The more we learn about the capabilities of animals, the less it seems we can claim as uniquely our own. Now it appears that we may even have to share our treasured Flintstones cartoons, as we have learned that we aren’t the only species to have enjoyed an ancient Stone Age history.
A few years ago, archeologists led by Julio Mercader of the University of Calgary discovered that chimpanzees in West Africa were using stone tools to crack nuts thousands of years ago, before humans had begun engaging in agriculture in the area. The research team, exploring sites located in the Ivory Coast’s Taï National Park, found stone “hammers” that were 4,300 years old and that had all the hallmarks of chimpanzee tools, rather than human ones. Science 2.01 described the tool findings as follows:
The stone hammers that the team discovered, essentially irregularly shaped rocks about the size of cantaloupes – with distinctive patterns of wear – were used to crack the shells of nuts. The research demonstrates conclusively that the artifacts couldn’t have been the result of natural erosion or used by humans. The stones are too large for humans to use easily and they also have the starch residue from several nuts known to be staples in the chimpanzee diet, but not the human diet.
The research team elaborated further in the paper it published in the Proceedings of the National Academy of Sciences2:
This discovery speaks of true prehistoric great ape behavior that predates the onset of agriculture in this part of Africa. The chimpanzee assemblages are contemporaneous with the local Later Stone Age; thus, they represent a parallel “Chimpanzee Stone Age”….
The systematic archaeological study of prehistoric chimpanzee cultures suggests that the “Chimpanzee Stone Age” started at least 4,300 years ago, that nut-cracking behavior in the Taï forest has been transmitted over the course of >200 generations, and that chimpanzee material culture has a long prehistory whose deep roots are only beginning to be uncovered. These findings substantiate the contribution of rainforest archaeology to human evolutionary studies in areas other than the classical savanna-woodlands of East and Southern Africa and add support to fossil discoveries from these other regions indicative of an ancient chimpanzee past.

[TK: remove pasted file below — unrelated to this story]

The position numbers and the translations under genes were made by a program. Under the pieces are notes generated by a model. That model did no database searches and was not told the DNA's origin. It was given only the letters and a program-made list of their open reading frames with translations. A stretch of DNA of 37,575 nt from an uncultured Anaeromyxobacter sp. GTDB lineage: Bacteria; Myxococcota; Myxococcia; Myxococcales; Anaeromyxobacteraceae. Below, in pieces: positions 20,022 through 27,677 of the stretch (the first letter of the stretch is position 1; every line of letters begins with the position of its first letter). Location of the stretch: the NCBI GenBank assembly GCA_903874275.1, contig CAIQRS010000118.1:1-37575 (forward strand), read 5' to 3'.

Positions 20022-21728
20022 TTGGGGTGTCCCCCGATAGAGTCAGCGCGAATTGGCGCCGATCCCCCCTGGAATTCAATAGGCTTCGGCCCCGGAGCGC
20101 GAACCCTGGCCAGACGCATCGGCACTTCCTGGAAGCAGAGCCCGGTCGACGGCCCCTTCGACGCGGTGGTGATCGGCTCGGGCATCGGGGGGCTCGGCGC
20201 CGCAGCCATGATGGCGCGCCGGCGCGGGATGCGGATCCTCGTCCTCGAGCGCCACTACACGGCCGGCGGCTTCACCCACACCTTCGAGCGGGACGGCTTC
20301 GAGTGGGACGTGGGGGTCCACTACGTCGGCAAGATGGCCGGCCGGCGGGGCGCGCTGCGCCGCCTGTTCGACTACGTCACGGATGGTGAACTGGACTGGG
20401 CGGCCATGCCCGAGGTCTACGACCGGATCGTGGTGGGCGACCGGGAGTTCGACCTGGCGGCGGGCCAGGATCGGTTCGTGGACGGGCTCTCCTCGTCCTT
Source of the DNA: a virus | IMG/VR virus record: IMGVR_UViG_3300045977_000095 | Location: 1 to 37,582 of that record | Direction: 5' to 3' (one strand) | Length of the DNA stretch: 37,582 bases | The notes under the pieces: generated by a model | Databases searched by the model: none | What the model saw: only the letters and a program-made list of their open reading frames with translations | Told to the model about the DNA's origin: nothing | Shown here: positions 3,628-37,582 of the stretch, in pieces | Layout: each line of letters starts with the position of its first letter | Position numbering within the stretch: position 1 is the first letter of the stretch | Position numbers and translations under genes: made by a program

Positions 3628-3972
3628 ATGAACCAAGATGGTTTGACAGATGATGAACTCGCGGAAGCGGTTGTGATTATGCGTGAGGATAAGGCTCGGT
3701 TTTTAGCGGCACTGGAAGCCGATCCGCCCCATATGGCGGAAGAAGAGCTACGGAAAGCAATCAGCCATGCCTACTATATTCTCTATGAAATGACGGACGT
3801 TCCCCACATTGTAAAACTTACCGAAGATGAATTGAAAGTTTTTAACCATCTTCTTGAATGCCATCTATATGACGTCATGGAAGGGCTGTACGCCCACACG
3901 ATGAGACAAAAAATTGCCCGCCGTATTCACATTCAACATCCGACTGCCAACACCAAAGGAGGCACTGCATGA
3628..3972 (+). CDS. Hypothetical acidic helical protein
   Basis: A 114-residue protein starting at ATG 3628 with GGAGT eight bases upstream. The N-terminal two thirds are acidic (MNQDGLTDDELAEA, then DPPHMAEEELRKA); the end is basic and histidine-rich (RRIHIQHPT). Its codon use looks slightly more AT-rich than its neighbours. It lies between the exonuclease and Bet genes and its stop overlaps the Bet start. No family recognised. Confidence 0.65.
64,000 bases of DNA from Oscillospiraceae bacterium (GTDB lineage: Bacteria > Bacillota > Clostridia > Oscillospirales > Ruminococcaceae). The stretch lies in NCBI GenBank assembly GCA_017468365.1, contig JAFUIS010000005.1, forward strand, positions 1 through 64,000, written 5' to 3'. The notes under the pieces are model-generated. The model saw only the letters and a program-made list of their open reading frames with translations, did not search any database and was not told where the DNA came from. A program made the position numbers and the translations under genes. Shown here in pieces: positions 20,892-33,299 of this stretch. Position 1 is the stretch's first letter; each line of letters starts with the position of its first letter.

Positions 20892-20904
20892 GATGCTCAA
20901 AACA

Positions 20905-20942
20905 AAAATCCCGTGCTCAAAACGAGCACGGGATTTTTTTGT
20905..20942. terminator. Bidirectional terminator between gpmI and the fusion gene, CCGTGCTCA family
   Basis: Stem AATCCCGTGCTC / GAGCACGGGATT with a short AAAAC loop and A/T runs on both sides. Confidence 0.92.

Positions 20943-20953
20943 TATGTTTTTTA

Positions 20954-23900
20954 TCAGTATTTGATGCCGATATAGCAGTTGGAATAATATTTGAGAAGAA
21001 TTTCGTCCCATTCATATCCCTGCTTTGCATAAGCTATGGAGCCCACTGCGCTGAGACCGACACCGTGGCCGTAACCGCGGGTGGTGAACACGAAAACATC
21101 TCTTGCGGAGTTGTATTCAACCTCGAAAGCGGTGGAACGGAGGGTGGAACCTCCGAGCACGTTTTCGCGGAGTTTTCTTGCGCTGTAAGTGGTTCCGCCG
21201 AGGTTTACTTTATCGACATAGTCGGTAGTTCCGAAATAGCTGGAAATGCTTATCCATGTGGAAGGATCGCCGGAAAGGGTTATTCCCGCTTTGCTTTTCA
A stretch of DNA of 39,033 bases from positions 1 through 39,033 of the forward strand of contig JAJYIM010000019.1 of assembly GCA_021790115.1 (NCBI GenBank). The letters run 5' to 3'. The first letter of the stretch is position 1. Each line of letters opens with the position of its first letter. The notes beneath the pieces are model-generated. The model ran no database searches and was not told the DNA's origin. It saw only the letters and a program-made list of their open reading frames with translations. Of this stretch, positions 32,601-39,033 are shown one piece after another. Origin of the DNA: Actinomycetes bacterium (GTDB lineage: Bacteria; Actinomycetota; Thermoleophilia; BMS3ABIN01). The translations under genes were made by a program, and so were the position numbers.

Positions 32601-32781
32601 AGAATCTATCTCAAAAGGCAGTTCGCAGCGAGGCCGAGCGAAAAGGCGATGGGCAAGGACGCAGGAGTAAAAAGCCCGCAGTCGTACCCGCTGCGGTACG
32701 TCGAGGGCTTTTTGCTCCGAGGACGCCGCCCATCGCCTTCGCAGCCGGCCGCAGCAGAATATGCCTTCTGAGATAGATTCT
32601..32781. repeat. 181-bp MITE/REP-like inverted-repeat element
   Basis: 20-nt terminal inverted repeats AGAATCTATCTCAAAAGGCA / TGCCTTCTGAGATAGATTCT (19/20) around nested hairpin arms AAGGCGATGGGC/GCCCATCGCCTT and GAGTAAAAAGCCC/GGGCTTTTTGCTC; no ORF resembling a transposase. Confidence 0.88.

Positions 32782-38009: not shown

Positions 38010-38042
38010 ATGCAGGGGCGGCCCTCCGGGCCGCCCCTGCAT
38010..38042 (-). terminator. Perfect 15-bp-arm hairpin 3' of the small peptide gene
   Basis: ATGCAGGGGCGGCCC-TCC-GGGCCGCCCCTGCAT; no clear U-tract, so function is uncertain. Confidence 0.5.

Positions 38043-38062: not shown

I love it: the Chimpanzee Stone Age! Also, it’s amazing that this tool use tradition has been passed down over 200 generations, and is still in use today. Here’s a nice BBC video clip that shows today’s generation of chimps using the same sort of tools to expertly crack open nuts.
Archeology3, the official publication of the Archeological Institute of America, haled Mercader’s research as one of the “Top 10 Discoveries” of 2007, noting that:
The discovery shows that stone tool use is not a behavior that chimpanzees learned recently by watching the farmers who live in the area, as some skeptics believe. Mercader thinks that humans and chimpanzees may have inherited stone tool use from an ancestral species of ape that lived as long as 14 million years ago.
At this point, Mercader’s views on the origins of tool use are still open to debate and further research. The fact, though, that there can even be such a discussion about tool use, a capability once thought to so uniquely identify the human species, illuminates how much thinking we have had to do recently about the common characteristics we share with other animals. Interesting stuff.
We’ll keep you posted as the story unfolds, and let you know as soon as they discover the first prehistoric chimpanzee satellite TV dishes and computer operating systems.
1Science 2.0, “Hammer Using Chimps Make Us Wonder Where They Learned It,” February 13, 2007.
2Mercader, J., Barton, H., Gillespie, J., Harris, J., Kuhn, S., Tyler, R., & Boesch, C. (2007). 4,300-Year-old chimpanzee sites and the origins of percussive stone technology Proceedings of the National Academy of Sciences, 104 (9), 3043-3048 DOI: 10.1073/pnas.0607909104.
3Archeology, “Ancient Chimpanzee Tool Use,” Volume 61, Number 1, January/February 2008.